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**1. The problem statement, all variables and given/known data**

How many 4-permutations of the positive integers not exceeding 100 contain three consecutive integers k, k+1, k+2, in the correct order:

a) where these consecutive integers can perhaps be separated by other integers in the permutation?

b) where they are in consecutive positions in the permutation?

**2. Relevant equations**

**3. The attempt at a solution**

I've already taken a look at the book's answers, but I don't seem how they arrived at them.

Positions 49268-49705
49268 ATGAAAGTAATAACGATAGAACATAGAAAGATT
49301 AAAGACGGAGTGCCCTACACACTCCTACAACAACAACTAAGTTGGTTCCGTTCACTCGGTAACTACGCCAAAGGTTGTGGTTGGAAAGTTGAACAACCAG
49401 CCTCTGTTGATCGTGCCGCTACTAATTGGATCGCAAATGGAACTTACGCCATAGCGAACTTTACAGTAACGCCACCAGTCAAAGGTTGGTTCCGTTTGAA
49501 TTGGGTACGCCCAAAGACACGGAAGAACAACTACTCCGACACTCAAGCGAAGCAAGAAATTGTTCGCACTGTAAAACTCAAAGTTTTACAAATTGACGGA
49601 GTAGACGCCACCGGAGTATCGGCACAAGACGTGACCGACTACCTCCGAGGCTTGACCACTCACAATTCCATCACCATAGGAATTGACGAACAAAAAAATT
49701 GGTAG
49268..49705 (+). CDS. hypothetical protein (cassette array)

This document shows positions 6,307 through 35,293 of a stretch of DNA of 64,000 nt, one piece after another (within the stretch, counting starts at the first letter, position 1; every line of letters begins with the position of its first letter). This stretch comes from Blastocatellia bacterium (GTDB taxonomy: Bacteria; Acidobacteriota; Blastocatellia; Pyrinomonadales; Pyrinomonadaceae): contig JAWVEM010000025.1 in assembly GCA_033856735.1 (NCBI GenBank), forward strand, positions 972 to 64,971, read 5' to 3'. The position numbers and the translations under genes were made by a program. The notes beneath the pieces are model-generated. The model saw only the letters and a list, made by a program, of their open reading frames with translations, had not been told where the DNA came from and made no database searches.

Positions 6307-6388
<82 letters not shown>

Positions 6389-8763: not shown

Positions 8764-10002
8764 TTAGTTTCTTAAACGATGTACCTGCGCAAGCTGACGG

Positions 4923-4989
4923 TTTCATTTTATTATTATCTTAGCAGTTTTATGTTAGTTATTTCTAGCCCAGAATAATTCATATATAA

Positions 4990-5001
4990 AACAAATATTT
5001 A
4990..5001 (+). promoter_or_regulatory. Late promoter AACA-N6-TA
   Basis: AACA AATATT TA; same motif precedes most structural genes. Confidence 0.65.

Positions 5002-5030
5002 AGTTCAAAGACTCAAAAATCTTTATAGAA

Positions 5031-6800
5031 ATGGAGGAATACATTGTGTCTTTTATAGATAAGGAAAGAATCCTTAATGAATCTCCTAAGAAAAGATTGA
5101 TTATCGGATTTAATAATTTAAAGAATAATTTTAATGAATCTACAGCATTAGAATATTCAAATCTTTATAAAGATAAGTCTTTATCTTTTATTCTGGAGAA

First off there can only be 98 possible values for k. Next, there is 5 locations for the alternate integer to be, and there are 96 integers left to choose from. So for part a) my guess was 98*96*5=47040. However, the book gives the answer: 37927, which isn't even divisible by 5..

For part b), I got a similar answer. 2 positions this time: 98*96*2 = 18816, but this time I was closer to the books: 18,915, which isn't divisible by 2.

My only guess is that I'm misreading the problem.. But I'm not sure what's the correct interpretation.